Calvary Christian Academy Middle School Theatre Teacher, Jennifer Pedraza, shares her journey with Judaism, Jesus, and her connection to the upcoming musical, Fiddler on the Roof Jr.
A Reflection of My Family
When I began the process of vetting shows for the school year, Fiddler on the Roof immediately came to mind. I’ve had a strong personal connection to this play since I was a young child. Based on the short stories by Sholem Aleichem, the Fiddler on the Roof tells the story of Tevye, a poor dairyman and his five daughters. Tevye tries to protect his daughters and instill in them traditional values in the face of changing social mores and the growing anti-Semitism of Czarist Russia in 1905. In many ways, I feel like the characters are telling the story of my family. Fleeing from anti-Semitic pogroms, violent riots against Jewish communities, my ancestors escaped Russia around the same time the play takes place in history. Growing up in a heavily Jewish area of Baltimore, I can immediately relate to the theme that tradition has played in my background.
I was raised in a Reform Jewish home, where I attended Hebrew school from Pre-K through 8th Grade. I always believed in God, but I spent much of my high school years questioning how I was raised. Fast forward to college, where I met my college sweetheart, David Pedraza, in the conservatory lounge of Shenandoah University. We quickly became inseparable and were united in many things. Except for our beliefs about Jesus. David became a Christian at age 6. I, on the other hand, was raised to believe that Jesus was just a prophet and the Jewish people still awaited the promised Messiah. A little over a year into our relationship, David presented me with a book with stories about Jews who believed in Jesus as the Messiah, or Messianic Jews. I was furious. I remember venting to my grandmother about how my boyfriend was trying to "convert” me. Truthfully, I was secretly afraid of how I would be treated by my family if I accepted Jesus as my Savior.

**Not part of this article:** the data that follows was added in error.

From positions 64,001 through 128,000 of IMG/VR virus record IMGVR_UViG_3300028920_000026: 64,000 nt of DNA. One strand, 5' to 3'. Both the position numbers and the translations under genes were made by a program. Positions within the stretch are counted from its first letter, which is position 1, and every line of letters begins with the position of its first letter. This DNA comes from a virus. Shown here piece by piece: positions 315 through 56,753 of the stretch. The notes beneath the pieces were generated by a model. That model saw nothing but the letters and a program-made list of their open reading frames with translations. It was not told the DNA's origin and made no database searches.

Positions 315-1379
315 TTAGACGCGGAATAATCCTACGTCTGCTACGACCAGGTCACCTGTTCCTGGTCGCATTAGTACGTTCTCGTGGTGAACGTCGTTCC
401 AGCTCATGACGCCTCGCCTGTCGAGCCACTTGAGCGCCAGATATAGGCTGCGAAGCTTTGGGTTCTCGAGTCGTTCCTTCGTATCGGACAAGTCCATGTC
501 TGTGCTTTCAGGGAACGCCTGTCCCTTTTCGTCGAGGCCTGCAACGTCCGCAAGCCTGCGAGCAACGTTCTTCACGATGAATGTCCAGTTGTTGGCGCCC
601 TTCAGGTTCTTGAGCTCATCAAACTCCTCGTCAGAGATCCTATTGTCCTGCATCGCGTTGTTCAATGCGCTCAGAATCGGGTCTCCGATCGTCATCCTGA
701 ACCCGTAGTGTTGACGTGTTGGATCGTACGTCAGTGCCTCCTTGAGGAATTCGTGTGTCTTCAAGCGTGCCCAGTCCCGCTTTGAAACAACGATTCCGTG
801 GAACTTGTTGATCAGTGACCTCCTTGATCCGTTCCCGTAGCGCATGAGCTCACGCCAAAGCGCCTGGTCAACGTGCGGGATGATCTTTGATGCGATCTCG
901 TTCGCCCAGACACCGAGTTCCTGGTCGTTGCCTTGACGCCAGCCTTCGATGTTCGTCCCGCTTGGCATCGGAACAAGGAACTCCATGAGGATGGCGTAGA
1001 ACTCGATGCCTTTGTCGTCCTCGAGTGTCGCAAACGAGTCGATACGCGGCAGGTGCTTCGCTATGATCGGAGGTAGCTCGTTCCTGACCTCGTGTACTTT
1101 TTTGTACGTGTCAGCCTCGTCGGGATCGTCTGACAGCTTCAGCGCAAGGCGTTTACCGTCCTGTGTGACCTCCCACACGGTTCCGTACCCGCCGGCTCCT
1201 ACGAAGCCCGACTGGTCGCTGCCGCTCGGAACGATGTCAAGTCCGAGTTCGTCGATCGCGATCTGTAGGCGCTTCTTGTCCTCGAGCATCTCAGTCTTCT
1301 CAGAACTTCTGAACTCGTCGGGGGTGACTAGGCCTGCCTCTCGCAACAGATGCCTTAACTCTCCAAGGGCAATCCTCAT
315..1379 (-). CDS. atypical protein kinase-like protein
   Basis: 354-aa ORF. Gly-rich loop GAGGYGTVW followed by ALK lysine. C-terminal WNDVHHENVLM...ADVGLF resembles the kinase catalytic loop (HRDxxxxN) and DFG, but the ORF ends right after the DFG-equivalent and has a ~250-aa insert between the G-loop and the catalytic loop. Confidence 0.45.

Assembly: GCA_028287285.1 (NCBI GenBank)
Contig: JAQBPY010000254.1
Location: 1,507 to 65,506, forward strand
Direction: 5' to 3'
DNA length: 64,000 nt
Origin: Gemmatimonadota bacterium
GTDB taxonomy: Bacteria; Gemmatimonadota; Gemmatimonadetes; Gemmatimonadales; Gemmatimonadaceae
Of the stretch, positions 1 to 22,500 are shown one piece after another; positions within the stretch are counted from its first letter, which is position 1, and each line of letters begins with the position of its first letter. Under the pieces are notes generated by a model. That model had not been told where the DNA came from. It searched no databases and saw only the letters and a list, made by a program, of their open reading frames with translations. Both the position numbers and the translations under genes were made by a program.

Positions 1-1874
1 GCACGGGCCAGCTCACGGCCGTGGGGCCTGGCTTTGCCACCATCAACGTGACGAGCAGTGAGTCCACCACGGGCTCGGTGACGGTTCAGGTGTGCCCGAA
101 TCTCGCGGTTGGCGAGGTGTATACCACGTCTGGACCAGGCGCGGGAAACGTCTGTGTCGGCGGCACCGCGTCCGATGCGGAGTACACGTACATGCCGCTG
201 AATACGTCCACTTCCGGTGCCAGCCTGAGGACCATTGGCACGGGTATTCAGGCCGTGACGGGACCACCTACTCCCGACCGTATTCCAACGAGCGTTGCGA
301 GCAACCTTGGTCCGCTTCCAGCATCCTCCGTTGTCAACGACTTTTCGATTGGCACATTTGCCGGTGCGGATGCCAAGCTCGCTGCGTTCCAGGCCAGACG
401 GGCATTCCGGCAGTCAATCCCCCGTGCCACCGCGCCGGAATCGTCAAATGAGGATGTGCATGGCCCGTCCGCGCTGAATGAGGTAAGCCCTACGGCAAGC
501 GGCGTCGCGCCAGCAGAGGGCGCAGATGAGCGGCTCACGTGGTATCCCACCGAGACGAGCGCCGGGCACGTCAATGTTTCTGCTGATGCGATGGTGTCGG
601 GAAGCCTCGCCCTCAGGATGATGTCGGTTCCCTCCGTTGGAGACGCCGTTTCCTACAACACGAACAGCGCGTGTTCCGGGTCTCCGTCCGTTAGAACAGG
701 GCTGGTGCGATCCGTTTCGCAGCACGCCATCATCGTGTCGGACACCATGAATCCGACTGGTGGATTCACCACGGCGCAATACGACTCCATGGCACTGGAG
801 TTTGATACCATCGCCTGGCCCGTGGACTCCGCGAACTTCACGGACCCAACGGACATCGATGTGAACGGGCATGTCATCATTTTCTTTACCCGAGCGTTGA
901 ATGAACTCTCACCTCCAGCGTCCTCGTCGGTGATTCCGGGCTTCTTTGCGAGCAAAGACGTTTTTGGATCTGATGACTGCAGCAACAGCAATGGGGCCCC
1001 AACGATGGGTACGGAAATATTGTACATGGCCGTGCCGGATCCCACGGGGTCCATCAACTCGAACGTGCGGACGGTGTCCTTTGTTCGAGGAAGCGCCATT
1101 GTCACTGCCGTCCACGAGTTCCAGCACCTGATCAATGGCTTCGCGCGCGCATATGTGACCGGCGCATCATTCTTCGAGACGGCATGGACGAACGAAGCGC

Coming to a Crossroad
David was willing to love me regardless of my beliefs and continued to pray for me daily. Two months later, God started stirring up within me spiritual questions, struggles, and curiosities. After reading a popular Christian book, speaking with a Christian friend who orchestrated a meeting with a Jewish pastor, and reading literature about Jesus and Messianic prophecy in the Old Testament, I was at a crossroads. I could either accept Jesus, the Bible, and the plan of salvation completely, or not at all. Finally, I decided to put aside my fears of rejection and surrendered to God’s voice. I prayed to receive Jesus as my Savior, and I immediately experienced the Holy Spirit’s confirmation and revelation.
That was 15 years ago. It has been a wild journey since then and I am so grateful that the Lord is faithful! David, the college sweetheart that prayed for me and challenged my beliefs so many years ago, is now my husband. Together, we worship at Ayts Chayim (Tree of Life) Messianic Jewish Synagogue in Boca Raton.
Fiddler on the Roof
The story of Fiddler on the Roof forces people to ask the question, "What role do my beliefs play in my life?” Through this production, we are shedding light on what is “tradition” in our families and communities and what meaning those traditions hold for this generation. Ultimately, I hope the students involved walk away with a renewed ownership of their faith and a richer understanding of our common humanity. I want students to realize it is acceptable to ask questions in order to more deeply understand their faith, God, the world, and their purpose. I hope audiences will take time to examine the roles tradition and change play in their lives.